Elections study: Voters like fresh faces at polling places

Oct 28, 2008

A new study shows counties can boost voters' trust in elections by making an investment in the human side of elections by recruiting new poll workers.

The findings come from a study by Kent State University's Ryan L. Claassen, who collaborated with Brigham Young University researchers Quin Monson, Kelly Patterson and David Magleby, to conduct exit polling following the 2006 midterm election in Ohio's Franklin and Summit counties.

The research team used exit polling to assess voters' reaction to service at voting locations. The study's authors focused on voters' reaction to poll workers since voters' reaction to poll workers has been shown to be related to voters' confidence that their vote will be counted accurately.

Voters gave higher marks to precincts staffed by new poll workers recruited from local schools and businesses to take a day off and be "street-level bureaucrats" on Election Day, according to the study published by American Politics Research.

"The perceived quality of poll workers matters a great deal, and will particularly be important this November where many voting locations are expected to be crowded," says Claassen, Kent State assistant professor of political science. "With better service comes more trust and confidence – and trust and confidence are important because when voters lack confidence they have no incentive to participate."

In Ohio's Franklin County, local employers, unions and teachers were asked to recruit employees and students to serve as poll workers on Election Day. A concentrated effort was made to enlist younger poll workers who might be more comfortable with new voting technology.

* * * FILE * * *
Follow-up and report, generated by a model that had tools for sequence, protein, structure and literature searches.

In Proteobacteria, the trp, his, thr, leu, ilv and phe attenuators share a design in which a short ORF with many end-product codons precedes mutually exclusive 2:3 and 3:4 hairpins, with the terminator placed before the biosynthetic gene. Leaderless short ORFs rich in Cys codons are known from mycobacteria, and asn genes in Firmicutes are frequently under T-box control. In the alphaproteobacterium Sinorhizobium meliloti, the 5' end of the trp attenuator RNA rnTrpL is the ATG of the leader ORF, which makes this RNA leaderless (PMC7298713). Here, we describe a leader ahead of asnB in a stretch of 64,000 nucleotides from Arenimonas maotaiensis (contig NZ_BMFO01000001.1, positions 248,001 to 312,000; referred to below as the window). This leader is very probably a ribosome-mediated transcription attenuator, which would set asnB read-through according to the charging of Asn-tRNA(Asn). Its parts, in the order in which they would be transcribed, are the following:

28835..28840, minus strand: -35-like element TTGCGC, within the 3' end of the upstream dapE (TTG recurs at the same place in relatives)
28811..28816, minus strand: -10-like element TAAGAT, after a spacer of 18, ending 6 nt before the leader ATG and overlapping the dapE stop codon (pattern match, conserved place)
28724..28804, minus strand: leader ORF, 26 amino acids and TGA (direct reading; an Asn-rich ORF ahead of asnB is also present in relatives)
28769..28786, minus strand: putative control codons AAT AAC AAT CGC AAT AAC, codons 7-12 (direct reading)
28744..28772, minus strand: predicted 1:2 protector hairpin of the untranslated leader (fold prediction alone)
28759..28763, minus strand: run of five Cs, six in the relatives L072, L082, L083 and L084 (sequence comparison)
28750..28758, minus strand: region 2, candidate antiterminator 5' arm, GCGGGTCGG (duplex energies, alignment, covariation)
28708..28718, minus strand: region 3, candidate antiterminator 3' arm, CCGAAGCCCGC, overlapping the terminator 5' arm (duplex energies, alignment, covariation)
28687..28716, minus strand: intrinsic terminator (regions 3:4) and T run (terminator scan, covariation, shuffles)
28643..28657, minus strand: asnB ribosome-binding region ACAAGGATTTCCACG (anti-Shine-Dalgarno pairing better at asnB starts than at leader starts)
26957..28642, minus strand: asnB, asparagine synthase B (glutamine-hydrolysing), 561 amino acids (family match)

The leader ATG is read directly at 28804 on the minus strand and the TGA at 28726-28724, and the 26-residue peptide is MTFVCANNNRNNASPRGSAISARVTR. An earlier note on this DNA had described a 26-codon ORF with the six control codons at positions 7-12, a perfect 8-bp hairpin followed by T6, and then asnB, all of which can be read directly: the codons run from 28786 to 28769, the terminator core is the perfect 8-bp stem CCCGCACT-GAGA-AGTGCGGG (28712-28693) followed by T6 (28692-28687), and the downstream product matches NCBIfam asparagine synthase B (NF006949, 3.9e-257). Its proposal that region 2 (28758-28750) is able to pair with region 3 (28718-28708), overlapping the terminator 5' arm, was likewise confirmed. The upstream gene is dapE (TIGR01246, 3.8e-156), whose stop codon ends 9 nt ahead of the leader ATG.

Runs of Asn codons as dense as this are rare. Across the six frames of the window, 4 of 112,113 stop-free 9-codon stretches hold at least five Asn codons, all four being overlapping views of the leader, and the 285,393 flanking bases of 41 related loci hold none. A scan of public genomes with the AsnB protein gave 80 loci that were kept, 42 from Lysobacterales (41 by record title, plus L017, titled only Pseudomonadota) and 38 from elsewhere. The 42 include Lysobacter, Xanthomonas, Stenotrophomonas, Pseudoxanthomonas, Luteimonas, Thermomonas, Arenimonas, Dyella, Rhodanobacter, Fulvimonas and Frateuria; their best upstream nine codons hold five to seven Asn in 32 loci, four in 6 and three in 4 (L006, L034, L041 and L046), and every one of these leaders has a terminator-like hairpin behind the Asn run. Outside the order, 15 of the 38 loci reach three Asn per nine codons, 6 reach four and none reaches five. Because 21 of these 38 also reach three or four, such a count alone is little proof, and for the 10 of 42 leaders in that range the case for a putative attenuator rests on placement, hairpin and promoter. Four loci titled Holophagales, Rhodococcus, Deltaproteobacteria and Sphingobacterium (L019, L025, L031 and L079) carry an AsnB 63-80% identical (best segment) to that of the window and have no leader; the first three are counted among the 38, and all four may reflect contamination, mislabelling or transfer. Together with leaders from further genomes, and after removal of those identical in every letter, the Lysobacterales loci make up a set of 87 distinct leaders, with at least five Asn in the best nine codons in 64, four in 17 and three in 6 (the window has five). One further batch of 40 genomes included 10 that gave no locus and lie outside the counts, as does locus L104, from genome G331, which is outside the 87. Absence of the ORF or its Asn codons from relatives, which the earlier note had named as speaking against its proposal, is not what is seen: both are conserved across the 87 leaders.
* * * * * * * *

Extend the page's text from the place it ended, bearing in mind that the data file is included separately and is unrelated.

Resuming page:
In the Kent State-Brigham Young study, sponsored by Brigham Young's Center for the Study of Elections and Democracy, both poll workers and voters completed evaluations about their experiences. An analysis of voter evaluations shows voters gave a more positive evaluation to polling places with the new recruits. Further, voters' evaluations matched poll workers' confidence in their training.

Source: Kent State University

Explore further: Soup can reopens mystery of doomed Franklin Expedition

add to favorites email to friend print save as pdf

Related Stories

Supreme Court to decide the fate of same-sex marriage

Mar 14, 2013

The Supreme Court will hear arguments later this month in two separate cases that could pave the way for federal recognition of same-sex marriages, while also overturning state restrictions that deny same-sex ...

US poverty on track to reach highest since 1960s

Jul 23, 2012

(AP) — The ranks of America's poor are on track to climb to levels unseen in nearly half a century, erasing gains from the war on poverty in the 1960s amid a weak economy and fraying government safety ...

Questions linger in US on high-tech voting

Mar 11, 2012

A series of problems with electronic voting machines has raised fresh questions about election technology as newer computerized systems gain ground for the 2012 US election.

Recommended for you

Replica of 18th century ship tests French waters

Sep 07, 2014

Cheered by tens of thousands, a life-size replica of the Hermione, the French navy frigate that shipped General Lafayette to America to rally rebels fighting British troops in the US war of independence, began its maiden ...

User comments : 0